Win a copy of Java EE 8 High Performance this week in the Java/Jakarta EE forum!

Mike Gershman

Ranch Hand
+ Follow
since Mar 13, 2004
Cows and Likes
Total received
In last 30 days
Total given
Total received
Received in last 30 days
Total given
Given in last 30 days
Forums and Threads
Scavenger Hunt
expand Ranch Hand Scavenger Hunt
expand Greenhorn Scavenger Hunt

Recent posts by Mike Gershman

SCJP didn't get me any interviews but the Kathy trivia I had to study for SCJP definitely helped me pass the interviews. (Thanks Kathy )

I agree that managers who never earned a Sun Java certification are not likely to understand or respect what is certified.
[ August 20, 2005: Message edited by: Mike Gershman ]
12 years ago
And the next time they downsize your department, your boss will make sure you have plenty of play time.
12 years ago
Java has to call the main method to start your program. If main were not static, java would have to first create an extra instance of the class that contains main. If that class lacks a no-arg constructor, java would have no way to do that.

Keeping main static avoids this complication.
12 years ago
Ramesh said:

IT industry structure cannot be created in a week. First they may snare low level job's like support, call centre's etc.,. Then they may jump up in the value chain and grab jobs of our programmer's. But that will take atleast 10-15 years.

If you believe that, you are in for a surprise.

While there is some value-added, the bulk of off-shoring still involves projects designed in the US. It doesn't take 10 years to become a good programmer, it takes 1 year with talent or 5 years with less talent.

Experienced MNC's can shift a programming project to the cheapest supplier nearly as quckly as they can move a call center, leaving workers stranded. When the MNC's work through local employers, the labor laws don't prevent this. Anyone can choose to award the next development contract to a supplier in another country. The old employer then has no way to pay the workers.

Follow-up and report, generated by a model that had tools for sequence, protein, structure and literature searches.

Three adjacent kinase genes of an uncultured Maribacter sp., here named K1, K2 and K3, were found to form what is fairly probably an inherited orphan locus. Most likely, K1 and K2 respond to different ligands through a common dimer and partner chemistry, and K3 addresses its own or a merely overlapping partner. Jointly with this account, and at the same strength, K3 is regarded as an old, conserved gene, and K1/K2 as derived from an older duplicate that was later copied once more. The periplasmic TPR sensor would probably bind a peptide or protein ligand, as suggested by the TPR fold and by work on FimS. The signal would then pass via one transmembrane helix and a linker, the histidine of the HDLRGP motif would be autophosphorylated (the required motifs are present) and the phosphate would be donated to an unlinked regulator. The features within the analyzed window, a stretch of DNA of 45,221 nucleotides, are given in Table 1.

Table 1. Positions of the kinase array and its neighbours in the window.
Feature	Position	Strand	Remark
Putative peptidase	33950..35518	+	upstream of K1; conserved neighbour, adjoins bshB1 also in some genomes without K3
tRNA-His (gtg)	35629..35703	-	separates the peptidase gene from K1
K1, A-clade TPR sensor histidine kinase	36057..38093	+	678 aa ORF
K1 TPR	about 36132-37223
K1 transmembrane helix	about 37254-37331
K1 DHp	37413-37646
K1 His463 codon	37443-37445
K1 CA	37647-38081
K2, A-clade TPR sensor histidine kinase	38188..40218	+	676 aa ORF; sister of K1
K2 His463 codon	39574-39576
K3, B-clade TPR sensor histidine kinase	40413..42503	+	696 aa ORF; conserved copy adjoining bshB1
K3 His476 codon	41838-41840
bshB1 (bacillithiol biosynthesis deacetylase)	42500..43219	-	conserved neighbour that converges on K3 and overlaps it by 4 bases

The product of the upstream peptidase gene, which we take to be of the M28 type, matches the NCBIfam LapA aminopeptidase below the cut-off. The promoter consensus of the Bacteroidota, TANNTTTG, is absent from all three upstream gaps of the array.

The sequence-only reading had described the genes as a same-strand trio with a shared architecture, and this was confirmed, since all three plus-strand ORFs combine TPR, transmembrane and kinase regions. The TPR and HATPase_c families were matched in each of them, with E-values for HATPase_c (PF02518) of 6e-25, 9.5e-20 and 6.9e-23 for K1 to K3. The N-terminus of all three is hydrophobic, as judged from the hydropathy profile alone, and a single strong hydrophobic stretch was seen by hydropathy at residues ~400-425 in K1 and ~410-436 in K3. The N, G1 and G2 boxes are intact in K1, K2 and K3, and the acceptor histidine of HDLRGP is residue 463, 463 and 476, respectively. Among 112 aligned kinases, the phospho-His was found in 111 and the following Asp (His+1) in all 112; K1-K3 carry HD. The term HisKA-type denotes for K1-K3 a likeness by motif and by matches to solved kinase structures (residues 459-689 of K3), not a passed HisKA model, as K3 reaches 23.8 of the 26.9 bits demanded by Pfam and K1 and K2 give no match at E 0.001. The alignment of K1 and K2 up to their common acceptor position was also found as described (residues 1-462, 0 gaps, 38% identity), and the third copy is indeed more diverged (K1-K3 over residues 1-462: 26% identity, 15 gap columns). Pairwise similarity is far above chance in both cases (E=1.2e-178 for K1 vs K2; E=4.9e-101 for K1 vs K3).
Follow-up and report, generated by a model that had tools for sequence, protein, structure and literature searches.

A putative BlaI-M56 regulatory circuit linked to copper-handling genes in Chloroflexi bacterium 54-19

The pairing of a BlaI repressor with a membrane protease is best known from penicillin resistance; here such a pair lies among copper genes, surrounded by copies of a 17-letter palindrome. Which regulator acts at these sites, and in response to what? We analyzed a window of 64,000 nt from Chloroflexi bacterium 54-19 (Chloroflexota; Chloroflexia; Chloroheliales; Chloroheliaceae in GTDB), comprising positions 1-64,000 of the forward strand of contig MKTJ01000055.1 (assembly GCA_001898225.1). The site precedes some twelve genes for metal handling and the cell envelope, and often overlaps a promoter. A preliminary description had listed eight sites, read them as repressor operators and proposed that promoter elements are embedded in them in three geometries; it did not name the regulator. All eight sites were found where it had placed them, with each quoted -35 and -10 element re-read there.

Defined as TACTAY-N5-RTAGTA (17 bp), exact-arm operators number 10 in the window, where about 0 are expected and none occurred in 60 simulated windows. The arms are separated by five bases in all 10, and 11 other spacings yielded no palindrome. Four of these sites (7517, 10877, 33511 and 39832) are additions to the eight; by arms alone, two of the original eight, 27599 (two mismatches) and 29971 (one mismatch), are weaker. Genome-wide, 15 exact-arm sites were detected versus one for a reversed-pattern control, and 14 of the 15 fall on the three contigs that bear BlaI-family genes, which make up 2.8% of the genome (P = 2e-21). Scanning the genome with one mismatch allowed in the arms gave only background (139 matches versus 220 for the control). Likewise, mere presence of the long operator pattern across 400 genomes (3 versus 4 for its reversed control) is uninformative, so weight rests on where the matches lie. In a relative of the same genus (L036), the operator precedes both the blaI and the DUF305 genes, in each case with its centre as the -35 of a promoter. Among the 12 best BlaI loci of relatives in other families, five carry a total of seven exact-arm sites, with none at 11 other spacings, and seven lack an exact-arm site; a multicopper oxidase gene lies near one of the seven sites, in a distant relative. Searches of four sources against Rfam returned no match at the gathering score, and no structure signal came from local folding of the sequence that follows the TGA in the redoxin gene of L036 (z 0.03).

As for IT education, the books and curricula have gotten so good that any good college can offer a CS major with a few imported teachers and some students with English skills.

The only real issue is political and economic stability. Here, India excels compared to its neighbors. I don't know how long that will be true.
12 years ago
The exact reason that even US sites have more and more Indian programmers is that entry level programmers jobs are plentiful in India and scarce in the US. Far fewer US students major in programming than ten years ago. In India, the computer classes are still packed.

Once Indian programmers have, or can claim, five years of paid Java expereience, they can come to the US under the H1B program and happily work for lower wages than historic US salaries. This drives down the salaries of US programmers and allows employers to benefit from lower costs whether the work is done in the US or India.